Q&A: Paul Henne and Gaurav Vazirani, animated philosophy pioneers

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Wi-Phi is taking philosophy to the masses, one video at a time. When we heard they were using VideoScribe to do it, we were intrigued. Paul Henne and Wi-Phi founder Gaurav Vazirani spoke to us about their aims, their audience and their whiteboard videos.

Wi-Phi is short for Wireless Philosophy. And their method is simple: take a philosophy lecture from an academic at one of the world’s most prestigious universities, and set it to a fun whiteboard animation.

With content from academics at Yale, Stanford and MIT, Wi-Phi’s YouTube channel has racked up more than 6,000 subscribers and 535,000 views. They’ve also partnered with the Khan Academy to distribute content globally through their platform.

Truly inspiring stuff. So what’s it all about?

Great to meet you Paul, Gaurav. So, what motivates Wi-Phi?

PH: One motivation is to bring philosophy out of the academy. We think philosophy is a very human activity, and we want everyone to have access to the great work that’s been – and is being – done.

We also want to bring philosophy to people all over the world, in an accessible form. People can discuss philosophical questions with other people from anywhere else in the world on our platforms.

It’s also important that we help change the face of philosophy, which is still an old and dead white man. We want to show younger people that philosophers are a diverse, global crowd currently doing radical work. Philosophy is not only the history of philosophy.

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Who are your videos for? What’s your audience like?

PH: I’m aiming to bring philosophy to thinkers who have not had the opportunity to grow up with philosophy in their homes. I pitch my videos at a first-semester freshman who knows nothing about philosophy. I do that for clarity, mostly.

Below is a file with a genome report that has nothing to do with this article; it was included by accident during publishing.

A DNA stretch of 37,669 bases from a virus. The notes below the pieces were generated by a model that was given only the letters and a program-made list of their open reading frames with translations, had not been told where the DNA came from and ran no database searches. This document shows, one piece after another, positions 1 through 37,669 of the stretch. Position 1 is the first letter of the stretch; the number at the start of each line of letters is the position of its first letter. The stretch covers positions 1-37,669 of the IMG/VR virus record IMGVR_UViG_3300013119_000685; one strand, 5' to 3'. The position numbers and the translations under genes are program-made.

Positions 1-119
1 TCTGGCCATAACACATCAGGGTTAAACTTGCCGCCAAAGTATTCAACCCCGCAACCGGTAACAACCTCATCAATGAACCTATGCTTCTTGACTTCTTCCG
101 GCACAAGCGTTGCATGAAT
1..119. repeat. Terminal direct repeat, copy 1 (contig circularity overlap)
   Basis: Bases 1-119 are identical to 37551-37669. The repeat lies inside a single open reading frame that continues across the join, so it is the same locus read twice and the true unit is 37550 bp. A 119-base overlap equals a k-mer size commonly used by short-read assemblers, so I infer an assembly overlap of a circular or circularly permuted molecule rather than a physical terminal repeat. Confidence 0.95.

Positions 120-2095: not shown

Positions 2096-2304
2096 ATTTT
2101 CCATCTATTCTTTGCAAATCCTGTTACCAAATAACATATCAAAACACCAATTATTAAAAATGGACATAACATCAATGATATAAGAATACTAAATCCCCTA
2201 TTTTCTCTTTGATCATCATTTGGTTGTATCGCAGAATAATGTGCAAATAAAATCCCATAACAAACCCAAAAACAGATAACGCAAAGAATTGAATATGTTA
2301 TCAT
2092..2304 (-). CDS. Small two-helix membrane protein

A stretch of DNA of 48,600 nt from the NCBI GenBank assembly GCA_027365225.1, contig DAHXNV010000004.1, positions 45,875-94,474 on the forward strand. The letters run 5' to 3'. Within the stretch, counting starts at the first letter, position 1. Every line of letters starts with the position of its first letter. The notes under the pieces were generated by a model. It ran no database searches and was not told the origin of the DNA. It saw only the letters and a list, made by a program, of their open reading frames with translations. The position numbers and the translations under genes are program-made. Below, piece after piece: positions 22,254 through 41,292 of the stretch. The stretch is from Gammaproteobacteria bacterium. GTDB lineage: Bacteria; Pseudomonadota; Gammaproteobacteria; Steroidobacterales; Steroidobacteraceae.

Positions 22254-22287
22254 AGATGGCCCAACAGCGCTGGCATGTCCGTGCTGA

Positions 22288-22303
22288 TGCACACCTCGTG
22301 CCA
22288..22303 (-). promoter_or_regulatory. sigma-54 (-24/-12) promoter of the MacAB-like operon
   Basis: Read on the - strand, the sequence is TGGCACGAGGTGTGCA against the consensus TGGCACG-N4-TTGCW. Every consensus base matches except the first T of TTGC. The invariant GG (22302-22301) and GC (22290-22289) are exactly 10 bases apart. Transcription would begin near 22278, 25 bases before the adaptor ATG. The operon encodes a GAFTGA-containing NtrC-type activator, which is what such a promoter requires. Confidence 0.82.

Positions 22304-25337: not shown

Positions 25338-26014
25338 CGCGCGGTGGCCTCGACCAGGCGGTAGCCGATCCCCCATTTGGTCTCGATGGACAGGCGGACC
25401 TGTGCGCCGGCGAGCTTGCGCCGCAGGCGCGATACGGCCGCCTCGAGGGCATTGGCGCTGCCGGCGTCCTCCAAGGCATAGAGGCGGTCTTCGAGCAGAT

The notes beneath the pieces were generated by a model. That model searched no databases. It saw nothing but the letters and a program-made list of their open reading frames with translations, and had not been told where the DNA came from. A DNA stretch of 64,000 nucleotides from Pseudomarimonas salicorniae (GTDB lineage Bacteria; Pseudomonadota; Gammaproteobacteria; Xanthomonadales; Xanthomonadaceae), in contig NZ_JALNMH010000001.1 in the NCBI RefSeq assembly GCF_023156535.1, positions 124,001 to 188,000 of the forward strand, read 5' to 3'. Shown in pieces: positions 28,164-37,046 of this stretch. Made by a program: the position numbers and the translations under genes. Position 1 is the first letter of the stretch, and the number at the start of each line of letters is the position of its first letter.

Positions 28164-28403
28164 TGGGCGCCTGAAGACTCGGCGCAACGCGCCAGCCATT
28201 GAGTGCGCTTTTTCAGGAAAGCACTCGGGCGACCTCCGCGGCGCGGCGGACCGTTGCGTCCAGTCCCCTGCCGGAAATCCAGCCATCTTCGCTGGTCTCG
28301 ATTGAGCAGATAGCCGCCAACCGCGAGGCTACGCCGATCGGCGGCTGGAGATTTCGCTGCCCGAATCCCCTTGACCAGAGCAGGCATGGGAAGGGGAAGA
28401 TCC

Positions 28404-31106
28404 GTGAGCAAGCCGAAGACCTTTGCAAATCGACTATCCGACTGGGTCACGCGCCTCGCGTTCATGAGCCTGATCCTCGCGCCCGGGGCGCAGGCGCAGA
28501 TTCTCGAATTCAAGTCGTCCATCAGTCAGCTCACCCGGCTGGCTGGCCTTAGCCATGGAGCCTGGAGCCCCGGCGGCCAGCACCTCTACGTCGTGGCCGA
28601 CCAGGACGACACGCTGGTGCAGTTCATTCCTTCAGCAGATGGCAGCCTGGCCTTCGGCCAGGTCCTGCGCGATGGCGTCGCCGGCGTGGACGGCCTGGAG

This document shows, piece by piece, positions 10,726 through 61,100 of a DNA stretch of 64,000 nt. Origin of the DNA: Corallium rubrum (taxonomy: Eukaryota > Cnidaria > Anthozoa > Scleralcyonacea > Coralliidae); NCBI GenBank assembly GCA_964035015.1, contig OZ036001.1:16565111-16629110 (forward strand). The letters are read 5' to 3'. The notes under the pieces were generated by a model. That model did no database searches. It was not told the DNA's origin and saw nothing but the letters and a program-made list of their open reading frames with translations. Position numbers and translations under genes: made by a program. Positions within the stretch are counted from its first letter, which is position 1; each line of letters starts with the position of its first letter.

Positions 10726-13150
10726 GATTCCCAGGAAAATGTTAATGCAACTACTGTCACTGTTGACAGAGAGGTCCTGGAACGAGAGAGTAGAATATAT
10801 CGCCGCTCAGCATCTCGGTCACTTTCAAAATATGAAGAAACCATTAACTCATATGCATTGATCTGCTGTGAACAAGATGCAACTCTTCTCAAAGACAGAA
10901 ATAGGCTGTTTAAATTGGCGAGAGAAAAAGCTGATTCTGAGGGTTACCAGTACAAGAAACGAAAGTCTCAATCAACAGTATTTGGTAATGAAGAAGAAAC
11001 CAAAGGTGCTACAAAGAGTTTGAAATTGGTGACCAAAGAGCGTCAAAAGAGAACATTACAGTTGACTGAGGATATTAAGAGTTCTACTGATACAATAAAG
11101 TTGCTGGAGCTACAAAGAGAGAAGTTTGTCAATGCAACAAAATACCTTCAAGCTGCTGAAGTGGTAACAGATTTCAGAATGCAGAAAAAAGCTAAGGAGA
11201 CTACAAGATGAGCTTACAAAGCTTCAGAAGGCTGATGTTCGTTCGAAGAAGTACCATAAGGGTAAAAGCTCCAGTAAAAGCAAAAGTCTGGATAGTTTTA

But we want people of all ages to get something out of our videos. The Khan Academy is popular with older people who enjoy refreshing concepts they learned in high school. We want to empower them to do that with philosophy.

We also want people who have never taken a philosophy class to watch our videos and take some core ideas from them.

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How does whiteboard animation help you grab their interest?

PH: I think more research has to be done on this but the available research suggests that the whiteboard format is better for retaining information, so we are very happy using VideoScribe!

We’ve also been paying attention to recent work on how to get people to think more critically because they tend to retain more content in this state.

Why is it important that your content is entertaining?

PH: It should be entertaining because philosophy is really fun! It’s so easy to make jokes and to play around with words and concepts. Philosophers do a lot of serious work but they’re often quirky, funny people. Entertainment also keeps people’s attention – so it’s pedagogical, too.

GV: I think many people make philosophy content far simpler than it really is when they present it to public audiences. They take out all the complexity – and not necessarily in a good way. With Wi-Phi, I wanted to keep the content as complex as it needed to be to show the value of it.

So my strategy was to make the scribes fun and, at times, silly. The idea is to make the audience feel like they’re having fun so they don’t put up psychological roadblocks – that feeling of dread that might come over someone when they hear the word philosophy.

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Creating this fun learning environment enables us to accomplish our goal of communicating complicated ideas via this medium. We do streamline our content and remove some unnecessary terminology from the lectures – but we don’t dilute the ideas beyond value. Instead we use the power of the whiteboard medium to create an enjoyable learning environment for our audience.

It was a pleasure talking to you guys. We’re excited to see which topics you scribe next!